Here's one proposed solution. Construct an isosceles triangle with base BC equal to 1 and height AD equal to 2.
Trisect the base BC at points E and F, that is, make BE = EF = FC, each of length 1/3. Then connect E and F to the vertex A.
Let G be the midpoint of the side AB. Construct an isosceles triangle BGH with H a point on the other side AC, and BG = BH.
Let GH intersect AE at L, and GH intersect AF at J. Also, let BH intersect AE at O, and BH intersect AF at N.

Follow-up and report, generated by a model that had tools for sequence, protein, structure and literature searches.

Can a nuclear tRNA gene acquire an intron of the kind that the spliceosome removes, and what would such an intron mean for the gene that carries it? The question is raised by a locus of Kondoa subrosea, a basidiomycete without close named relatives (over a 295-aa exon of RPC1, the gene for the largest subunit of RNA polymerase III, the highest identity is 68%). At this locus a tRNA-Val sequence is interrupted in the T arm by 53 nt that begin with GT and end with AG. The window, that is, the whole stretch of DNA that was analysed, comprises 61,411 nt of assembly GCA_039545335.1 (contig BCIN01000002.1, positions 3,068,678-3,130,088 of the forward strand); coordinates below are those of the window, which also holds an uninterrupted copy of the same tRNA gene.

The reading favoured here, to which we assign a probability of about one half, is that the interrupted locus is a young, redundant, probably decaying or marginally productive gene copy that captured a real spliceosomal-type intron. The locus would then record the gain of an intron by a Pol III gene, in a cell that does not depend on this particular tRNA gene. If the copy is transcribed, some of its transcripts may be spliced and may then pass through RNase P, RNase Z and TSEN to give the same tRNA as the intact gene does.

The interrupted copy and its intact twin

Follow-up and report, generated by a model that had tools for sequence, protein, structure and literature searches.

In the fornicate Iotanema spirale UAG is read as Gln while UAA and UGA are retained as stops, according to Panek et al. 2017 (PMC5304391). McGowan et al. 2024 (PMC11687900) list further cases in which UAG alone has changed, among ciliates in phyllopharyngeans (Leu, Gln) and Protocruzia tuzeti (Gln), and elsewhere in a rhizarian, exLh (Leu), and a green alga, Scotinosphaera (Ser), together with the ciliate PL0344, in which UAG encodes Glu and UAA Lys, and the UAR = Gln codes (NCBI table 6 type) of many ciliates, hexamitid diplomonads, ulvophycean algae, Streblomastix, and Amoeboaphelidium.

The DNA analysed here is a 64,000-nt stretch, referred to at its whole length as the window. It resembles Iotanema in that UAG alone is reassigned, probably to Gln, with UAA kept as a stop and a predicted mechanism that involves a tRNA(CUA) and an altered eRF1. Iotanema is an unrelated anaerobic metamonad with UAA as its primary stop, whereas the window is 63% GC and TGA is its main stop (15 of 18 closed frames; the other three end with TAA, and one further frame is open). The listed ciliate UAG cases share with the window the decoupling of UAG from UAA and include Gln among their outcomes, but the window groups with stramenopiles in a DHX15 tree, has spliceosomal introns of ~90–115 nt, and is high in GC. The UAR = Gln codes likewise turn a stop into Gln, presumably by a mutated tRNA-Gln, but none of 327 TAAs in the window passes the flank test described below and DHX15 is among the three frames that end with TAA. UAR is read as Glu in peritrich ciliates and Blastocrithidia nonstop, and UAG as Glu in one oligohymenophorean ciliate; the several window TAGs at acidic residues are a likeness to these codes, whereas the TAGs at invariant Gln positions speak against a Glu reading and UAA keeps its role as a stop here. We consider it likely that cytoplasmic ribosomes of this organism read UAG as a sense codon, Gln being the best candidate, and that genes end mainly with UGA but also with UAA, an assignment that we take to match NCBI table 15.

Then draw lines parallel to GH through N and O, and let them intersect AB at K and I, respectively. Also draw lines KL and IJ parallel to BH.
The three lines IJ, AE, and KN meet at a point. (They look like they do,anyway.)
It was proved in the 19th century that a cube can not be duplicated with the Euclidean tools of straightedge and compass.
This page: June, 2001
David E. Joyce
Department of Mathematics and Computer Science
Worcester, MA 01610